Evolution Of Fire From Homes To Industries: Basic Usage Of Firewood In Our Everyday Lives

Evolution Of Fire From Homes To Industries

Evolution Of Fire From Homes To Industries: Basic Usage Of Firewood In Our Everyday Lives | Fire is a key essential natural resource whose single discovery changed how humanity saw the world. The fuel that cooked the first raw meat was firewood. Can you imagine how raw our lives would be if we were never able to discover fire? Maybe we wouldn’t have been able to even think about it today. 

But we have a fire, and we have woods, and the discovery and usage are far beyond the basic cooking and household. Everything in the world is the outcome of something hot, the basic production of fire. 

There are two types of woods as far it comes to usage, Softwood, and Hardwood. 

Softwood takes less time to burn than hardwood since it has a low energy content and releases high amounts of smoke which makes them less preferable for commercial purposes. 

Primarily the moisture content of firewood determines the energy content available for heating and cooking purposes. 

Firewood for home consumption:

About 13 percent of the population still claim to rely totally on firewood as a fuel supply to cook food. Mainly it is because of financial issues. At the same time, some say it’s the traditional way they wish to keep alive for according to them, food cooked in traditional vessels in firewood tastes much better and is healthier. 

Mostly the wood is harvested from locals or nearby resource harvesting. Still, there are times when the availability of fuel resources becomes problematic and compels them to hoard the stocks in the home.

The preference for wood collection is usually given during the summer season since the collection becomes easier than winters. The wood is drier during this season which makes them ideal for burning.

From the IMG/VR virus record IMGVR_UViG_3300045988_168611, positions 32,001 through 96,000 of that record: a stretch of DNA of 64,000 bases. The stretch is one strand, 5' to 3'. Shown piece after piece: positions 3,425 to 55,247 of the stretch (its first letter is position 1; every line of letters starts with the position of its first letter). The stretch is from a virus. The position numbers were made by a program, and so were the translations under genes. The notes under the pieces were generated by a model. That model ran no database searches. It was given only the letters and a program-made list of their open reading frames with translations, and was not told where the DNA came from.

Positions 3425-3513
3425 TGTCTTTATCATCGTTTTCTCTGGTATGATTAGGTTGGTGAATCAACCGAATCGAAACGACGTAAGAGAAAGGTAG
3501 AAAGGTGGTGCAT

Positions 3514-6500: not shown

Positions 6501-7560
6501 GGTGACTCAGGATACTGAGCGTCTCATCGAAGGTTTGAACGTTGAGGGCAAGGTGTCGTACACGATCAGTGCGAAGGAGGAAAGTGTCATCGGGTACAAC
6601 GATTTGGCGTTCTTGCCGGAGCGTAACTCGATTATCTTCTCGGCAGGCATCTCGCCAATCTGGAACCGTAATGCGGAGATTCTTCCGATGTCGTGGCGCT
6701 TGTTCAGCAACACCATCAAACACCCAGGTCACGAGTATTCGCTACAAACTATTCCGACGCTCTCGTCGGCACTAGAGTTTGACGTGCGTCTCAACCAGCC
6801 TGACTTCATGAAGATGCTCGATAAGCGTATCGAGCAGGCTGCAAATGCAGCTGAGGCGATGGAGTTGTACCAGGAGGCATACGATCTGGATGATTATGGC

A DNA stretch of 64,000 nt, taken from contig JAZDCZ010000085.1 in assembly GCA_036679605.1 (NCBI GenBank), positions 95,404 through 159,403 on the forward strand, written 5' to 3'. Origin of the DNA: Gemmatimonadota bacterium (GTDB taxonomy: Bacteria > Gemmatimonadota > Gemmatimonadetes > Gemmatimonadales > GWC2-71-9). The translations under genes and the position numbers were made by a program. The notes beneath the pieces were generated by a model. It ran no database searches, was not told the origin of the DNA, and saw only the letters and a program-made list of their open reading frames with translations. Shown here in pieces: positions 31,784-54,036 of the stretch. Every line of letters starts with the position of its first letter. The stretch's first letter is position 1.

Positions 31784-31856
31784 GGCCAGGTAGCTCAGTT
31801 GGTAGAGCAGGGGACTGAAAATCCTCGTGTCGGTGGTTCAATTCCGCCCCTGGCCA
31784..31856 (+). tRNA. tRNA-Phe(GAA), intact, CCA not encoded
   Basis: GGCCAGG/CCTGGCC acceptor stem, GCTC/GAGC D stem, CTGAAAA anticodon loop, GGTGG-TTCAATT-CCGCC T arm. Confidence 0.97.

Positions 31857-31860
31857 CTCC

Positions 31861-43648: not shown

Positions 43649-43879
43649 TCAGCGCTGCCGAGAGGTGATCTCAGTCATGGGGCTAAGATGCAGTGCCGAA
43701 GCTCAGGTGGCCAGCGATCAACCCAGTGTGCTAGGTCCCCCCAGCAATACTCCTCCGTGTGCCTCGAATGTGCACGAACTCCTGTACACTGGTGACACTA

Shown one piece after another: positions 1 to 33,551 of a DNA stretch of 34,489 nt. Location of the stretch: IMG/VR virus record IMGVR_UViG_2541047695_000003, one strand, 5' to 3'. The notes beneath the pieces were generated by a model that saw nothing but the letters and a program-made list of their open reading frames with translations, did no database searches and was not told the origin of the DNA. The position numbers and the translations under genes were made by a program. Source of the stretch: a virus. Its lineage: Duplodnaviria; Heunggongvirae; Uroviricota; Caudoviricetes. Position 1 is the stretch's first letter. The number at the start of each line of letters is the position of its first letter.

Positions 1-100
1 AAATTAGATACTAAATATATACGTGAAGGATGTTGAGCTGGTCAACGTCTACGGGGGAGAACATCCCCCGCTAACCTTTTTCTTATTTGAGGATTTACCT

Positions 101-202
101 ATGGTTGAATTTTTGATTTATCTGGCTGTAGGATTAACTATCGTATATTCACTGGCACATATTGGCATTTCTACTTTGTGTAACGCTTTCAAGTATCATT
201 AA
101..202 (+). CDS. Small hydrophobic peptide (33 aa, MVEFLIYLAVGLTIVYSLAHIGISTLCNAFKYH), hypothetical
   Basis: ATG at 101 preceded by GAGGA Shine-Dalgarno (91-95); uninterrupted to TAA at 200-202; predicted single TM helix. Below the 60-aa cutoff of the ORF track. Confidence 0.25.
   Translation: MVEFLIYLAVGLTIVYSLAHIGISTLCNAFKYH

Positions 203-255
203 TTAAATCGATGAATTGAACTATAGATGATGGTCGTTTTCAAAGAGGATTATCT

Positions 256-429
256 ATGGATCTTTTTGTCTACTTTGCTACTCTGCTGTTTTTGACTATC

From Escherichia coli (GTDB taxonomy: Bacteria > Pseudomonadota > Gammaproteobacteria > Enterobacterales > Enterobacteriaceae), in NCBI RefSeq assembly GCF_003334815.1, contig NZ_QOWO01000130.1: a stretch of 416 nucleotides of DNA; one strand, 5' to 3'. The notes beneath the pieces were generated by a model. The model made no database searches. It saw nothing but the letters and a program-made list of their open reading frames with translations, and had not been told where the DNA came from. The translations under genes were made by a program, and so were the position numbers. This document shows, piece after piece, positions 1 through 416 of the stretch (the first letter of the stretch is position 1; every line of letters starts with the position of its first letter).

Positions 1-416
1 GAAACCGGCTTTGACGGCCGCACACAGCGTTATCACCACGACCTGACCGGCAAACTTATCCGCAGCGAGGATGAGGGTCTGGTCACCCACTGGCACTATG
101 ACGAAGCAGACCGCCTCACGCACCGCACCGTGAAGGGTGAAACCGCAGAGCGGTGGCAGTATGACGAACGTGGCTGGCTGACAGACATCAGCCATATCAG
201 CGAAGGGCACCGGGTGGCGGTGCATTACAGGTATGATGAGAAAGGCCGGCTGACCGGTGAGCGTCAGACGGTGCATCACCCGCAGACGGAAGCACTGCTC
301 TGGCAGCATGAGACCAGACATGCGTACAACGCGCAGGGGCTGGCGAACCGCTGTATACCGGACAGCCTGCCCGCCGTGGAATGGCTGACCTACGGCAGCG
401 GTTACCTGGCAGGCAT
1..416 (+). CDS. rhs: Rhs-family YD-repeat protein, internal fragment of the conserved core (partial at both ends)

Considering many households can collect firewood for free, it remains the cheapest energy source for cooking and heating. Even if the firewood is purchased from outside yet it always has a high competitive edge over other resources because the quantities can be flexible and purchased as per the usage. It’s always beneficial to buy bulk firewood for sale since it will be cost-effective for daily activities. 

Handicraft purpose:

The exclusivity of using firewood for several handcraft purposes by potters is not new. The pottery has its season, but ceramics are at least baked thrice. The woods are usually collected from the forest around by the person directly involved in baking the ceramics. Usually, the woods are collected right before baking the ceramics, so they don’t have to keep stocks.

Home Consumption:

Firewoods are usually burned to provide warmth and keep the house cozy during winters and cold seasons. For recreational purposes or a family get togethering, the firewood where the smoke escapes the chimney. At the same time, everybody reminiscing about their old days is one of the best times to look forward to.

It is important to buy bulk firewood for an all-nighter with your loved ones with such times around the corners. 

How does the firewood burn?

Firewood does not burn directly. It needs to transform into wood gas which, when combusted with atmospheric oxygen, combusts into flames. A temperature above 300 degrees is important to create a combustible wooden gas.

Matchstick or kerosene are ways where external heat is provided to ignite the dry wood. Once this temperature is reached, the following process begins:

Drying- When the biomass heats up to approximately 100 degrees, excess biomass changes from liquid to water vapor, making the biomass fuel dry. 

Pyrolysis- At 300 degrees celsius, the biomass starts to break apart from fire; the high temperature converts the biomass into volatile vapors and solid residue called char. The vapors contain various carbon compounds with fuel value, referred to as wood gas.

Drying and pyrolysis both consume heat and do not create any useful surplus of heat. The amount of available heat input determines the speed of the process, and the amount of heat required to first dry out the fuel before the temperature of the biomass can attain a level at which pyrolysis can start, which determines the quality of the firewood combusted. 

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